UCA News

Indonesia

Indonesian rights groups call for release of farmers

Kalimantan farmers were arrested at the behest of a palm oil firm in a land dispute with villagers, they say

Support Asia's largest network of Catholic journalists and editors
Support Asia's largest network of Catholic journalists and editors
Indonesian rights groups call for release of farmers

Families and friends of the three detained farmers hold a protest in Palangka Raya in Central Kalimantan on April 6. (Photo courtesy of Save Our Borneo)

Share this article :
Dozens of rights groups have called on the Indonesian government to free three activist farmers from Central Kalimantan arrested last month in Jakarta — and to protect tribal people from repressive acts by local police.

Police stormed the office of the Indonesian Forum for the Environment (WALHI) in Jakarta on March 7 and arrested the farmers — Dedi Susanto, Untung, and James Watt — from an indigenous Dayak community in Central Kalimantan’s Kotawaringin district.  

They are being held in the provincial capital Palangka Raya after being accused of inciting others to steal palm fruit from a plantation owned by a palm oil company.

The three had gone to Jakarta for meetings with the National Human Rights Commission and other groups to garner their support in a land dispute between the farmers and the company Hamparan Masawit Bangun Persada.

The dispute began in 2006 when the company allegedly seized around 117 hectares of their land.

“These arrests were engineered by Hamparan Masawit Bangun Persada to break people’s resistance,” read a statement signed by 20 human rights and environmental groups including Amnesty International Indonesia, the Mining Advocacy Network and Human Rights Working Group.

“President Joko Widodo should instruct the national police chief to stop violence against farmers who are being denied their rights over land, plantations and rice fields, the source of their livelihoods,” the groups said.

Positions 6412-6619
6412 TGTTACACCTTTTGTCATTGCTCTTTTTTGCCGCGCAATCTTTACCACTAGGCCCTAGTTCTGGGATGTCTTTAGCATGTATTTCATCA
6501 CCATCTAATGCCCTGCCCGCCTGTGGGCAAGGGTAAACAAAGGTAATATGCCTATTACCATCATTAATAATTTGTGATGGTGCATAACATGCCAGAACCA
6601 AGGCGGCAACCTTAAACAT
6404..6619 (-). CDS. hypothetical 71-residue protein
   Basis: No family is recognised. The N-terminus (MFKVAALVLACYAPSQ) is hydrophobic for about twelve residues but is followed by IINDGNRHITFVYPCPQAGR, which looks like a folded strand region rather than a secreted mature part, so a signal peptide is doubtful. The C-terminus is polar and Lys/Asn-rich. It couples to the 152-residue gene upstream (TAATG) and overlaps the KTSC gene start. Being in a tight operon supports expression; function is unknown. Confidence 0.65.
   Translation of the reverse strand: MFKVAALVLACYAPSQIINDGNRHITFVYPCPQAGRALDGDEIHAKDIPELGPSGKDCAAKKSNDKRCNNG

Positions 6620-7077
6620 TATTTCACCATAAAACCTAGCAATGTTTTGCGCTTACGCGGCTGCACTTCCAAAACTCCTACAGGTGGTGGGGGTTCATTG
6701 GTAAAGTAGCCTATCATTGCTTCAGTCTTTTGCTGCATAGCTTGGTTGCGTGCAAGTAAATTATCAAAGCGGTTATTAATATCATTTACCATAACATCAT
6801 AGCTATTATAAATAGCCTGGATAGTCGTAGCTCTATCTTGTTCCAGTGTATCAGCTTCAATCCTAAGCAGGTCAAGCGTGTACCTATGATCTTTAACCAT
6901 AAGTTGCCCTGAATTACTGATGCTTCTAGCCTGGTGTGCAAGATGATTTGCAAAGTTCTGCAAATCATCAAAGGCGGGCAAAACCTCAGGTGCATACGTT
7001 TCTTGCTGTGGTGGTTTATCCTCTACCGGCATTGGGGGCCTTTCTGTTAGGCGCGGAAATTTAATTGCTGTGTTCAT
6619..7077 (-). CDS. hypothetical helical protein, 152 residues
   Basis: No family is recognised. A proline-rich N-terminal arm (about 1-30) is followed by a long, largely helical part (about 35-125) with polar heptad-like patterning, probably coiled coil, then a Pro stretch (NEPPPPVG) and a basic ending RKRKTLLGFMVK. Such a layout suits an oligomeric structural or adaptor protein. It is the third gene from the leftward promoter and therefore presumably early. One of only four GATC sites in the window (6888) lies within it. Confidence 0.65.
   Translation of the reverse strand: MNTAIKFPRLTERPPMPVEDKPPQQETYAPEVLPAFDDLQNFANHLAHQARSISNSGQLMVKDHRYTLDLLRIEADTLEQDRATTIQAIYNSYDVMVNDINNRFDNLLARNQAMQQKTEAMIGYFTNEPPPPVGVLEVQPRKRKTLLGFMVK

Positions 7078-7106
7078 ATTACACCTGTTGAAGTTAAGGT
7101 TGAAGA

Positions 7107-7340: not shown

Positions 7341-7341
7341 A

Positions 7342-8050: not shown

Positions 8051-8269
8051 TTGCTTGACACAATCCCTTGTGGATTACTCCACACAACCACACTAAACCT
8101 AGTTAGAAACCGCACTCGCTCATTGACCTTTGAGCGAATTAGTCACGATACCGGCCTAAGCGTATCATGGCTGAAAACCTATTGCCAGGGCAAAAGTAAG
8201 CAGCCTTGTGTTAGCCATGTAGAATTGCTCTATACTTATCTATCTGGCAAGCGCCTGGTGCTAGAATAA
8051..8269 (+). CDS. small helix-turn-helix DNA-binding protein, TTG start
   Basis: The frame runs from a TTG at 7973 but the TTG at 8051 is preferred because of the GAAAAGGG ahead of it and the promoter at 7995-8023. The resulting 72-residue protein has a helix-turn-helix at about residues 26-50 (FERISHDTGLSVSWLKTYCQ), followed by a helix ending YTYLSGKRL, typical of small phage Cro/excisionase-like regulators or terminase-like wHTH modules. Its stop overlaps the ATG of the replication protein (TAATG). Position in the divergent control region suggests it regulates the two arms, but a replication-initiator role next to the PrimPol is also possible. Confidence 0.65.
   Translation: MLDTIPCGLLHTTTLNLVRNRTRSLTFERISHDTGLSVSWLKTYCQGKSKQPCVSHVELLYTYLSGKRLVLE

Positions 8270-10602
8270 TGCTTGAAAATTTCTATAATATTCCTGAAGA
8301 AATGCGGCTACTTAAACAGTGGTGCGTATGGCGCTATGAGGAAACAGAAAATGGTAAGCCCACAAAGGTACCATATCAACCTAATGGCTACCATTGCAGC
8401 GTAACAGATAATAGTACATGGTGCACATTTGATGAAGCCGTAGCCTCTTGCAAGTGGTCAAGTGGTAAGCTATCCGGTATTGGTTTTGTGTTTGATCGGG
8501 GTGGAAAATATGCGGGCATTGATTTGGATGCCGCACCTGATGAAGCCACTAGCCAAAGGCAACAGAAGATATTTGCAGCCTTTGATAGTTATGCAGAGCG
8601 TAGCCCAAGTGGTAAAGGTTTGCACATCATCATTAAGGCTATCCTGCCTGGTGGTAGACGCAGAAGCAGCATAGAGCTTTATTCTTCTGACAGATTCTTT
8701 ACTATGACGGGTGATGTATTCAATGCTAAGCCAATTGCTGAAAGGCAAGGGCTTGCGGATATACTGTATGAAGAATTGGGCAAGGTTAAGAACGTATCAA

“The government should not ransack and relocate people on behalf of investors as that will worsen people’s social and economic situation.”

Usman Hamid, director of Amnesty International Indonesia, told UCA News that the police chief should instigate disciplinary action against officers for what was an act of intimidation.

Father Sani Lake, director of the church-run Justice, Peace and Integrity of Creation group in the Kalimantan region, said the company had used police as a tool to get what it wanted.

“The three farmers were arrested because they had been accused of [leading] the fight against the company in their community,” he told UCA News. 

He said they went to Jakarta to seek help. “However, police supported by the company chased and arrested them in Jakarta,” the priest said.

The palm oil company and police could not be reached for comment.

Support UCA News...

As 2020 unfolds, we are asking readers like you to help us keep Union of Catholic Asian News (UCA News) free so it can be accessed from anywhere in the world at no cost.

That has been our policy for years and was made possible by donations from European Catholic funding agencies. However, like the Church in Europe, these agencies are in decline and the immediate and urgent claims on their funds for humanitarian emergencies in Africa and parts of Asia mean there is much less to distribute than there was even a decade ago.

Forty years ago, when UCA News was founded, Asia was a very different place - many poor and underdeveloped countries with large populations to feed, political instability and economies too often poised on the edge of collapse. Today, Asia is the economic engine room of the world and funding agencies quite rightly look to UCA News to do more to fund itself.

UCA News has a unique product developed from a view of the world and the Church through informed Catholic eyes. Our journalistic standards are as high as any in the quality press; our focus is particularly on a fast-growing part of the world - Asia - where, in some countries the Church is growing faster than pastoral resources can respond to - South Korea, Vietnam and India to name just three.

And UCA News has the advantage of having in its ranks local reporters that cover 22 countries and experienced native English-speaking editors to render stories that are informative, informed and perceptive.

We report from the ground where other news services simply can't or won't go. We report the stories of local people and their experiences in a way that Western news outlets simply don't have the resources to reach. And we report on the emerging life of new Churches in old lands where being a Catholic can at times be very dangerous.

With dwindling support from funding partners in Europe and the USA, we need to call on the support of those who benefit from our work.

Click here to find out the ways you can support UCA News. You can make a difference for as little as US$5...
UCAN Donate
YOUR DAILY
NEWSLETTER
Thank you. You are now signed up to our Daily Full Bulletin newsletter
 
Support UCA News

William J. Grimm, MM

Publisher

Union of Catholic Asian News

"As Pope Francis has said, we live not so much in an era of change as in a change of era. That is especially true in Asia and for the churches of Asia. UCA News is the dedicated, Asia-wide news and information service for the Church in Asia and we need your help to maintain the service."